Now, add another two (2) cups of boiling water to the pan and swirl/stir to dissolve.  Once that’s done, add another one (1) cup of cool/room temperature tap water and swirl again to combine.  The gelatin solution should be close to room temperature, or slightly warm, but not hot.  The concern about heat is around inadvertently felting your yarn or, worse, scalding your hands.  Don’t worry about things thickening up – again, this is a light size so you’re good to go.

Step 4 – Size the yarn

Take a skein out of your soaking pan and wring it out so that it’s just damp.  Then, put it in the pan with the size and press it to make sure the size thoroughly penetrates the yarn.

Don’t be shy – if everything’s at room temperature, you won’t felt the yarn.  Also, notice that the yarn is probably getting kinked up and twisting back on itself a bit – that’s to be expected.  The twist is still there in the yarn waiting to be reactivated and submerging it in water will do that.  So, once your skein is thoroughly soaked with the gelatin solution, take it out of the pan and wring out as much of the excess solution as you can.  It doesn’t need much and the less excess you leave in the skein, the less will drip off when you hang it up to dry.  I have another pan that I use to hold my sized skeins until they’ve all gone for a dip – so keep going until you run out of yarn or you run out of size.  I still had quite a bit leftover after all eleven skeins went in so it goes a long way.

Step 5 – Hang skeins to dry

For this step, you’ll need to either find a way to weight your skeins or stretch them so that you can minimize the kinking up of the singles.  I happen to have a drying rack with removable rods that I is just the right size to lightly stretch my ~2 yard skeins.  I hook all of them on a top rod and then thread through a few more so that the skeins are spread out and aren’t contracting into tiny little balls.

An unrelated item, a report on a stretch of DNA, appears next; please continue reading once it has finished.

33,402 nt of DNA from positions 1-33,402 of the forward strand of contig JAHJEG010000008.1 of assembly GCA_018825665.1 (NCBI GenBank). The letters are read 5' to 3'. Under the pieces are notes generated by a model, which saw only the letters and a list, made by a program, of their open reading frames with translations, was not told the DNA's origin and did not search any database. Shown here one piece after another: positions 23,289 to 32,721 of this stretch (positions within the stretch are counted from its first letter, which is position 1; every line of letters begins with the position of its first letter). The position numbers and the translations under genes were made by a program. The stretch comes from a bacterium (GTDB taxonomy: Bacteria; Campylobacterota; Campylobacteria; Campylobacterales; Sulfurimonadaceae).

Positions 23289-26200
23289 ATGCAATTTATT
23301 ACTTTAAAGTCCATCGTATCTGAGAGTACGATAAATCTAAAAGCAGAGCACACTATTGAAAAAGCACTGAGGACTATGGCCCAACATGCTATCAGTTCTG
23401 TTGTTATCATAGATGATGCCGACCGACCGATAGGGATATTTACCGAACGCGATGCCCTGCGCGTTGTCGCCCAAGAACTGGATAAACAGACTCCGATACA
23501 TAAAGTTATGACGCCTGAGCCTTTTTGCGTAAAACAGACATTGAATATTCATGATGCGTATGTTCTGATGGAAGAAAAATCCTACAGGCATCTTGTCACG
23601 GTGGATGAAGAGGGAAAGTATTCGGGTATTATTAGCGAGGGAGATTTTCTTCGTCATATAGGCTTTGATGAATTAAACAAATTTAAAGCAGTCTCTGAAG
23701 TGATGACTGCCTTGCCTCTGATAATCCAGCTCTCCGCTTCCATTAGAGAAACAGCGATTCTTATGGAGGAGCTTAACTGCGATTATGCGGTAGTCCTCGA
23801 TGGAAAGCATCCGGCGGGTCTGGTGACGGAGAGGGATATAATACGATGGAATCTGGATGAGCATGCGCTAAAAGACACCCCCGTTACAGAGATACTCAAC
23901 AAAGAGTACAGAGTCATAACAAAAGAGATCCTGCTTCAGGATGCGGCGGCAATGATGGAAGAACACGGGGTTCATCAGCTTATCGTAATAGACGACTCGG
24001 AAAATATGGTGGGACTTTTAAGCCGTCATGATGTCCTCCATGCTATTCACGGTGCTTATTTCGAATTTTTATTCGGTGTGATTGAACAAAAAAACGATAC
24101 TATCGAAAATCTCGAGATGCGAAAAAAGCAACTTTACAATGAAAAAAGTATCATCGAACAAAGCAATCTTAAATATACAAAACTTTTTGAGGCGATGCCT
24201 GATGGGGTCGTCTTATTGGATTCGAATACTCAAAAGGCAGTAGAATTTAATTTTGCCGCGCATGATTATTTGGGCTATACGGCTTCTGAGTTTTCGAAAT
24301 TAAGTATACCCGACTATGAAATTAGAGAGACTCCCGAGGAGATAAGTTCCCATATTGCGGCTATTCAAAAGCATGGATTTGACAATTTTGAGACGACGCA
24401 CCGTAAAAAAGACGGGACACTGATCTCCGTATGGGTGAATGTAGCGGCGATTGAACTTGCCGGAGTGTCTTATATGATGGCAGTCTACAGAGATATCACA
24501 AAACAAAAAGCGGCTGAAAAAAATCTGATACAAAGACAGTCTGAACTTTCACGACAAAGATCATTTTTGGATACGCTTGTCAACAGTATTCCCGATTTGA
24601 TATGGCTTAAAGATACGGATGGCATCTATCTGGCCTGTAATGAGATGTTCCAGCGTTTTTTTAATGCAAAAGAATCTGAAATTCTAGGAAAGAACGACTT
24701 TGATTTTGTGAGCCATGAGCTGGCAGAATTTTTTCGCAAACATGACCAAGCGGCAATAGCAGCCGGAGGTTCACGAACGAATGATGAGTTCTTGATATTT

First the rod goes through a group of skeins that’ll hang together:

and then they go onto the drying rack:

If you look closely at the skeins on the right, you can see that they’re kinked a little bit.  I’m not worried about that at all – it’ll work itself out when I wind these off onto bobbins or into balls prior to warping.  I just don’t want big sections of ply-back.

Oh, and take note of those pans underneath.  They’re catching a TON of drips of gelatin solution that would otherwise be all over my floors.  There’s a pan on each side – and those pans will stay there pretty much until the skeins are dry.

Step 6 – Rotate those skeins!

As the skeins are drying, particularly in the first hour or two, the gelatin size will have a tendency to collect/pool at the lowest point – that’s the dripping I mentioned above.  The pooling will lead to clumps of size on the yarn if you don’t rotate things.  Because of the way I’ve stretched my skeins, it’s easy to just grab a skein and pull so that it rotates over the poles of the rack.  I do this every 10 or 15 minutes until the dripping stops.  Then, just as I’m passing or when I get up to do something else.

So that’s it.  Once the skeins are dry and you’re ready to wind a warp, give the skeins a couple snaps to break loose any sticky parts (there shouldn’t be many) and then wind them onto bobbins or into balls and you’re all set to go.  The gelatin may slough off while you’re weaving in the form of a fine powder – give your loom a wipe-down with a damp cloth after you’ve finished weaving the fabric (but you do that anyway, so it’s no bother, right?) to clean up.  Finally, be sure to wash the fabric (again, you do this anyway, right?) in warm to hot water with a bit of your favorite detergent to remove the size.

Things to experiment with are the sizing agent you use and the strength of the size.  In this case, it’d be more gelatin or less water to increase the concentration.  The process is the same, but the yarn will behave differently.  I want as little as possible while still achieving the benefits.  And, consider sizing your weft yarn as well – it may improve your weaving as well.

And now I get to weave off another length of handspun wool fabric.  Since it’s finally cold and rainy out here, it’s the perfect time.

Posted in Spinning, Weaving | Tagged , , , | 3 Comments